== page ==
Published: October 31, 2014
Fan Zhang, Andrew J. Allen, Lyle E. Levine, Mark D. Vaudin, Drago Skrtic, Joseph M. Antonucci, Kathleen M. Hoffman, Anthony A. Giuseppetti, Jan Ilavsky
Amorphous calcium phosphate (ACP) based composites are promising restorative dental materials attributable to ACP's capacity to release calcium and phosphate ions through a complex reaction in which ACP is converted to its crystalline, apatitic form hydroxyapatite. The released calcium and phosphate ions have been shown to repair tooth damage by remineralizing mineral-deficient tooth structure. The mechanism responsible for the conversion of ACP within polymeric composites, however, is not well understood. We performed an investigation of this conversion mechanism in controlled acidic environment with in situ ultra-small angle X-ray scattering based X-ray photon correlation spectroscopy and ex situ X-ray diffraction, as well as other complimentary techniques. We established that this conversion is a two-step process. Initially, ACP undergoes a local microstructural rearrangement without losing its amorphous characters. We established the catalytic role of the acid and found the time scale of this rearrangement strongly depends on the pH of the solution, which agrees with previous findings about ACP without the polymer matrix being present. In the second step, ACP is converted to an apatitic form with the crystallinity of the formed crystallites being poor. Separately, we also confirmed that by modifying the ACP with Zr dopant the rate of ACP conversion to hydroxyapatite can be slowed significantly, which is beneficial for the targeted slow release of functional calcium and phosphate ions from dental composite materials.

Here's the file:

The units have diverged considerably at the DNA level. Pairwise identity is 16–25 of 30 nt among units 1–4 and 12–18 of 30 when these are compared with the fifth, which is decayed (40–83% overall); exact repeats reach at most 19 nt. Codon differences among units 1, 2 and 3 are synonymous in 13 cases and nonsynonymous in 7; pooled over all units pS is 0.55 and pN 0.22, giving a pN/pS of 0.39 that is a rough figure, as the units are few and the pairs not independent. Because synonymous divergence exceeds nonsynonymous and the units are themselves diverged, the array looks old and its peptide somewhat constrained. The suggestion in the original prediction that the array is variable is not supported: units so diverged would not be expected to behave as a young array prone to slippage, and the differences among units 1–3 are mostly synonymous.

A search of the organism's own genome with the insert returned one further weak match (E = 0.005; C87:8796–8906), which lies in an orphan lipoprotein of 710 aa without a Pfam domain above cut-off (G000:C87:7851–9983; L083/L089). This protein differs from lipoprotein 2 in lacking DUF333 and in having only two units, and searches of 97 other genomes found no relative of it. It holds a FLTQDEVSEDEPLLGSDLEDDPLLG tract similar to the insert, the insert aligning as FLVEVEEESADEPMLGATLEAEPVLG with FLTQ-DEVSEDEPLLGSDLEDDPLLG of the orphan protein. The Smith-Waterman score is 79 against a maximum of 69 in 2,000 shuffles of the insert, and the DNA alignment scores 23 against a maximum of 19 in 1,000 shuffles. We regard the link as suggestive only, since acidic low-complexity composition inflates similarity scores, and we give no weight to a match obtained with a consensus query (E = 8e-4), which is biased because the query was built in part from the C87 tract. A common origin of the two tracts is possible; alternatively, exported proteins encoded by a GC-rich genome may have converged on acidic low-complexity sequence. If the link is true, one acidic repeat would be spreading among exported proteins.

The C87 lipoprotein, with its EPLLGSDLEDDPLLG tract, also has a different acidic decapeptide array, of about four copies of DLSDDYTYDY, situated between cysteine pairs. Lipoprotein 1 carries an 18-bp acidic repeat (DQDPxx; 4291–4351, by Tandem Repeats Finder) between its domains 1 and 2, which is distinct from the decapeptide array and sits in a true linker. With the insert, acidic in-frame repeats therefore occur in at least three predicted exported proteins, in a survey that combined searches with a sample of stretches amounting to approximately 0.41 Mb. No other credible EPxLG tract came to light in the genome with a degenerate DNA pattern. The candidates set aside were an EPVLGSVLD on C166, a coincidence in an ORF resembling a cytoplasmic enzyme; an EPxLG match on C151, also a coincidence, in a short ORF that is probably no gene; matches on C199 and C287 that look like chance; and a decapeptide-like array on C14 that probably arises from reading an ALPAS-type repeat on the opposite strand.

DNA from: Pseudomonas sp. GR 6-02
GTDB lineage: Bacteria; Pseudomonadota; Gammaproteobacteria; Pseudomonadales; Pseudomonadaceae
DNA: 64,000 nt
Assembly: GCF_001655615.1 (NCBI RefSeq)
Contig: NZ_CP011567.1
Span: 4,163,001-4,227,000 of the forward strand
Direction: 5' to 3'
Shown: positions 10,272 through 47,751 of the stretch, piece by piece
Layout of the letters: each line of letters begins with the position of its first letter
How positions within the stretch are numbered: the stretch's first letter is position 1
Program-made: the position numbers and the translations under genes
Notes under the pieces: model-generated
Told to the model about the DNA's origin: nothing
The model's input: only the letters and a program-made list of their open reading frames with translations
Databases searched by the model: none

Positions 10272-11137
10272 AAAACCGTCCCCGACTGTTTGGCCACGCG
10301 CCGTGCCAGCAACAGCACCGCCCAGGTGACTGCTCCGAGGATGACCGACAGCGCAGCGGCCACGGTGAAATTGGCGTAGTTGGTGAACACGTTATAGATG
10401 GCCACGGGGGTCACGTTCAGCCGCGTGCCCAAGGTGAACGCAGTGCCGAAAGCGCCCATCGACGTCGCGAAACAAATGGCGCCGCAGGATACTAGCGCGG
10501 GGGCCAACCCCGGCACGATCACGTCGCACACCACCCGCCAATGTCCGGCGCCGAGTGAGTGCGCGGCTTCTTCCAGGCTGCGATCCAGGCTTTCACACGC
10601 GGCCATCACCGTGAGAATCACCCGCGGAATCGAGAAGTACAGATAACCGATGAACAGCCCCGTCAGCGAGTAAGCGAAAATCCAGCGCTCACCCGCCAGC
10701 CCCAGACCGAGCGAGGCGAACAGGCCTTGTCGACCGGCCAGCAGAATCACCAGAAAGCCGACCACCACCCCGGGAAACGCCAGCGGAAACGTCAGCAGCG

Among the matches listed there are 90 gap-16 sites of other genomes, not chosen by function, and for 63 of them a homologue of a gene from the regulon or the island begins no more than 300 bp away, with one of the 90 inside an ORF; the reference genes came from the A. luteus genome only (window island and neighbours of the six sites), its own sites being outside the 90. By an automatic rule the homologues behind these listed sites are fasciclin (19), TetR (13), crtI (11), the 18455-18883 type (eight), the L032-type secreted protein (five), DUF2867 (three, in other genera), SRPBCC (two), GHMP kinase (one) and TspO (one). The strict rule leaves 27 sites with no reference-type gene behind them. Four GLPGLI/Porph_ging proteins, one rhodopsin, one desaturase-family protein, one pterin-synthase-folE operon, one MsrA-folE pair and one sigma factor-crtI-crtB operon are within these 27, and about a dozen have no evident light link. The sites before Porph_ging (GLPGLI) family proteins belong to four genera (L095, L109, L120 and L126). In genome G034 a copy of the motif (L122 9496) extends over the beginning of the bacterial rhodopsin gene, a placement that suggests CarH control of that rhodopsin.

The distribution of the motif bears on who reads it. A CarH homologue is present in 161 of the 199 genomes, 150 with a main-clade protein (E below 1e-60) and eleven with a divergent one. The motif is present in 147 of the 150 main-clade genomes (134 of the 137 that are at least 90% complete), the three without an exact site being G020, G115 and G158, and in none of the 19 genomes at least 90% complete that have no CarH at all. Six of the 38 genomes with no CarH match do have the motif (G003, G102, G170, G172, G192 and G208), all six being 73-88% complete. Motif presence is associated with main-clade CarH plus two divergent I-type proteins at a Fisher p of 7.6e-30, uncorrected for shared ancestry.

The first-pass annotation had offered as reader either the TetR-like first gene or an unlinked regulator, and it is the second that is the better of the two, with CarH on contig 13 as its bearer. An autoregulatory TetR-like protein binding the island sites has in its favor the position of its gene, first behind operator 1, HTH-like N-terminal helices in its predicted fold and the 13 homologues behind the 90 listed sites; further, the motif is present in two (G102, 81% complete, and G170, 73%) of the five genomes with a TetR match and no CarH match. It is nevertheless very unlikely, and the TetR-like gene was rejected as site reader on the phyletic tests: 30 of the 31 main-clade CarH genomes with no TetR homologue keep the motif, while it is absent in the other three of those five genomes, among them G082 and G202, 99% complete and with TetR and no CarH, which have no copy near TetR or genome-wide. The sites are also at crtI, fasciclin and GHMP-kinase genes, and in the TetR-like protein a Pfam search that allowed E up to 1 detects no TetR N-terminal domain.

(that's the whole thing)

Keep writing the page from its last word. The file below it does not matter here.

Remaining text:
Citation: Journal of Biomedical Materials Research Part A
Pub Type: Journals
microstructure characterization, ultra-small-angle X-ray scattering, X-ray photon correlation spectroscopy, amorphous calcium phosphate, dental composites
Created October 31, 2014, Updated February 19, 2017